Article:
so what do you guys use to cut plate and tube? I'm on a tight budget and starting from scratch. TIA -- Brian
     
  6. willyswanter

    willyswanter 1/2 ton status GMOTM Winner

    Joined:
    Dec 24, 2000
    Posts:
    2,690
    Likes Received:
    0
    Location:
    Bakersfield, CA
    Uh, you may want to check on that, you add filler when oxy welding just like tig welding... 30" or so long rod of filler dipped in flux...

    [ QUOTE ]
    oxy/acet welding also doesn't add any filler metal to the welding surface. You are only ending up with the same strength if not less when you weld with this process.

    With MIG welding, you are using a filler metal that will actually add to the strength of the original metal and if welded correctly, will make the 2 pieces stronger than if they were a single piece.

    Plus it's a hell of a lot easier /forums/images/graemlins/smile.gif



    [/ QUOTE ]
     
  7. ryoken

    ryoken Puppy Fabricator Premium Member GMOTM Winner

    Joined:
    Jun 13, 2003
    Posts:
    29,622
    Likes Received:
    1,375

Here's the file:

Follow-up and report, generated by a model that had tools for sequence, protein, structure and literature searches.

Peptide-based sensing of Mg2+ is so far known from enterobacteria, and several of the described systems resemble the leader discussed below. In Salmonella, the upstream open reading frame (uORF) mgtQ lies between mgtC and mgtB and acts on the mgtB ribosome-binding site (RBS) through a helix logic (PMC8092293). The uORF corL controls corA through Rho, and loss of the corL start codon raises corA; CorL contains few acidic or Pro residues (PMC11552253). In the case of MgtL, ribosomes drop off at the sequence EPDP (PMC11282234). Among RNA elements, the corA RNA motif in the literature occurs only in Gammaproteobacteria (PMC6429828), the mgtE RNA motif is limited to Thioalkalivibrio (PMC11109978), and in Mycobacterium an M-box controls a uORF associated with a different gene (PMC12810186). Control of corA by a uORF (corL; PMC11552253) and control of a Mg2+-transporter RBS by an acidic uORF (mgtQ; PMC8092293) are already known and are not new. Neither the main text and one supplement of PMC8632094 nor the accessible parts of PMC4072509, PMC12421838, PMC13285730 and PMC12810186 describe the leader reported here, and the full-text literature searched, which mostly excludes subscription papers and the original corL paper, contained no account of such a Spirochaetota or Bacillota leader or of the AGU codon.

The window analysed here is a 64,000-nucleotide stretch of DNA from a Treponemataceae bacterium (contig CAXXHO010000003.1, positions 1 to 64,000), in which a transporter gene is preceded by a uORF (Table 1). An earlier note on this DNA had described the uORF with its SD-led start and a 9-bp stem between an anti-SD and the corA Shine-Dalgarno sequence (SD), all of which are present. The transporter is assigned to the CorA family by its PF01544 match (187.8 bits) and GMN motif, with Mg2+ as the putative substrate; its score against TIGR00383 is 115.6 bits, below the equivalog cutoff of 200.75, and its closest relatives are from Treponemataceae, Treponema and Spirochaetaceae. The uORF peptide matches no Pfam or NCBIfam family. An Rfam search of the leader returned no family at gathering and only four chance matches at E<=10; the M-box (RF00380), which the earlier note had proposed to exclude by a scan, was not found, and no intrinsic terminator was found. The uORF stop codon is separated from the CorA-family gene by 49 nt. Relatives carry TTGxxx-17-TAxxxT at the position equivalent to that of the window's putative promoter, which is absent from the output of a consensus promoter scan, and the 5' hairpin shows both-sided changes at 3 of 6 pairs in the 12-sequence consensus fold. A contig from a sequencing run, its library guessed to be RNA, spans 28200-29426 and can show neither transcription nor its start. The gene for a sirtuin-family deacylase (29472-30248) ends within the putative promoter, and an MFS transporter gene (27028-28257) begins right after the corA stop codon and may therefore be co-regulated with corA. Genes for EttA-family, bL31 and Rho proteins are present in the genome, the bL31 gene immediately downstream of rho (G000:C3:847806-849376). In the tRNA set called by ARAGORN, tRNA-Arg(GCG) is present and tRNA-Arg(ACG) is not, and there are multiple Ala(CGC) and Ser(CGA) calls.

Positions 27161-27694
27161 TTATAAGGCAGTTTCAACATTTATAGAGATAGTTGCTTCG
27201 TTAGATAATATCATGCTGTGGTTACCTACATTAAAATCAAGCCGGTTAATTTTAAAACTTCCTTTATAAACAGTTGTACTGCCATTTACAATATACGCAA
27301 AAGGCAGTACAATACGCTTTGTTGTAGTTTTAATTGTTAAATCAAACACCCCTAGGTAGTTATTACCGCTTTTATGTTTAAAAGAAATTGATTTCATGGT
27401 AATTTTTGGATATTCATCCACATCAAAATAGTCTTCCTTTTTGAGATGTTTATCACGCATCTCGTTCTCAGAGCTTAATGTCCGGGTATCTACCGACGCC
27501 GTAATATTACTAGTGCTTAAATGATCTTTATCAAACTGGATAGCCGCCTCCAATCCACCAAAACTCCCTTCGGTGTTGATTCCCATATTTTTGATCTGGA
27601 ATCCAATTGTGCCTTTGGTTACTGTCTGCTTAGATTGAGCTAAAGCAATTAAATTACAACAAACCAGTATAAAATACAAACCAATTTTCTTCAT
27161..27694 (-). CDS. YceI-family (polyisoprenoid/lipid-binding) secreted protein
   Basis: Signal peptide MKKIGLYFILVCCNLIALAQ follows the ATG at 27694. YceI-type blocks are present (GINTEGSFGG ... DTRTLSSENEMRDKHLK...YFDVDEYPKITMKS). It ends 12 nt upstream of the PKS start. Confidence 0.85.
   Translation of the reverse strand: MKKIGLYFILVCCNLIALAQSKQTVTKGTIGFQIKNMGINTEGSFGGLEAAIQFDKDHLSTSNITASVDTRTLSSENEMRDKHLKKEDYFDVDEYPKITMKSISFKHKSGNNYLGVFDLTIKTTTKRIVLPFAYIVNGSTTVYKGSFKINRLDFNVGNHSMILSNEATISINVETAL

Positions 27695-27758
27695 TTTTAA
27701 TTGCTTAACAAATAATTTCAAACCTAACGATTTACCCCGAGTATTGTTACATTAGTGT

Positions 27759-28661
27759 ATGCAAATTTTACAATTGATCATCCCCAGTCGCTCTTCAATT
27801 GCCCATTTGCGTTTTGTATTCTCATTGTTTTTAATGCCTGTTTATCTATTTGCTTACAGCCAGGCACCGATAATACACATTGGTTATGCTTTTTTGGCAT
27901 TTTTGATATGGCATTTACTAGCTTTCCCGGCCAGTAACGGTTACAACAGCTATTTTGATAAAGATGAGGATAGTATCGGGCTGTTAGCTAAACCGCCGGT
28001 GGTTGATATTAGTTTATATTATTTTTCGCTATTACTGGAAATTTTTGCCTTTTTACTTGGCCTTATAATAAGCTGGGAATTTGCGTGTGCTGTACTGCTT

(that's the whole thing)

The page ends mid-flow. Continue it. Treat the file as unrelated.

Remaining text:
Location:
    Jersey Shore
    back in the 80's we use to braze quarters on, on a daily basis at the bodyshop..

    i do know it was "illegal" for us to torchweld frames tho... or at least so i was told...
     
  8. gravdigr

    gravdigr 1/2 ton status

    Joined:
    Apr 15, 2003
    Posts:
    1,129
    Likes Received:
    0
    Location:
    Tyrone, PA
    I use a torch to cut everything ATM but have plans to buy a chop saw or horizontal band saw for the small stuff like tubing, angle iron, channel, etc... For welding I use my mig welder for sheetmetal and lighter welding and break out my stick welder for the heavy stuff.
     
  9. Don

    Don 1/2 ton status

    Joined:
    May 30, 2002
    Posts:
    1,778
    Likes Received:
    0
    Location:
    Spokane Washington
    Mig is faster, less expensive,[once you have initial investment paid for] only one bottle to refill, only one roll of wire to buy [depend's on hard wire, or flux cored, or aluminum, [if set up for aluminum].